Mark Thaler, Bob Kennedy, and Steven Reilly of EYP Architecture and Engineering authored the report, “Investigations for Insulation Strategies.”
The Preservation League especially appreciates project funding from the National Center for Preservation Technology and Training, as well as from the NYS Energy Research and Development Authority.

Bibliography

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Credits

Principal Investigators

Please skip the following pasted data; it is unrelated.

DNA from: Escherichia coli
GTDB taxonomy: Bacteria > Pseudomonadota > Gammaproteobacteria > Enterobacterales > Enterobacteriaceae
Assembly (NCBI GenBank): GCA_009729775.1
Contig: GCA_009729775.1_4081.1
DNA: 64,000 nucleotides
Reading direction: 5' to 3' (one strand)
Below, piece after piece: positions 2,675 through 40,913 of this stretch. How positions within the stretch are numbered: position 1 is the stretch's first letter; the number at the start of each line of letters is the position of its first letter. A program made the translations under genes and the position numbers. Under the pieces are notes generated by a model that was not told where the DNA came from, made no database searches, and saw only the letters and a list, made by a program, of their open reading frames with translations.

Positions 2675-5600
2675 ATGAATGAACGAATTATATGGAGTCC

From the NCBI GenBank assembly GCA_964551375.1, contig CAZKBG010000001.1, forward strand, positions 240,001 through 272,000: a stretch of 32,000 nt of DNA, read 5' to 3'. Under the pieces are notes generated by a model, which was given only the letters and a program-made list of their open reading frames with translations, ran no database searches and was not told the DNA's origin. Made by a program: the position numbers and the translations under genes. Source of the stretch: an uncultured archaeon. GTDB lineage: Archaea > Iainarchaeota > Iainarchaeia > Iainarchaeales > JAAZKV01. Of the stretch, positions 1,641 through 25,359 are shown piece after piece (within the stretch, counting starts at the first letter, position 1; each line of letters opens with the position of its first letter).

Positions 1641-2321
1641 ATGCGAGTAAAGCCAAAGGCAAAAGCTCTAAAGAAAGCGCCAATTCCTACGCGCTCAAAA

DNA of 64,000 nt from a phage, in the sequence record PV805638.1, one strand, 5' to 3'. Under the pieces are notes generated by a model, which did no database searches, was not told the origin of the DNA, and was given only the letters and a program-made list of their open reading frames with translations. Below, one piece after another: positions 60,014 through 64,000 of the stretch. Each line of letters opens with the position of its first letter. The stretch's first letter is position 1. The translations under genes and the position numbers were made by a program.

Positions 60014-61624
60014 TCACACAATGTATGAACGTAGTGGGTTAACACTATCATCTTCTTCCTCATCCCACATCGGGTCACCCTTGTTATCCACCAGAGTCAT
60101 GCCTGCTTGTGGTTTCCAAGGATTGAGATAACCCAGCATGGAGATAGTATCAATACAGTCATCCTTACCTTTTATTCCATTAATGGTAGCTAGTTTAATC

• Linda Passaretti, Vice President of Administration and Development (2010 – 2013)
  • Erin Tobin, Director of Preservation (2013 – 2016)

Project Team

  • Erin Tobin, Regional Director of Technical and Grant Programs
  • Tania Werbizky, Regional Director of Technical and Grant Programs
  • Amanda Lewkowicz, Preservation Associate
  • Colleen Ryan, Director of Communications

Preservation League of New York State

44 Central Ave
Albany, NY 12206
(518) 462-5658
www.preservenys.org
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Last updated: February 17, 2022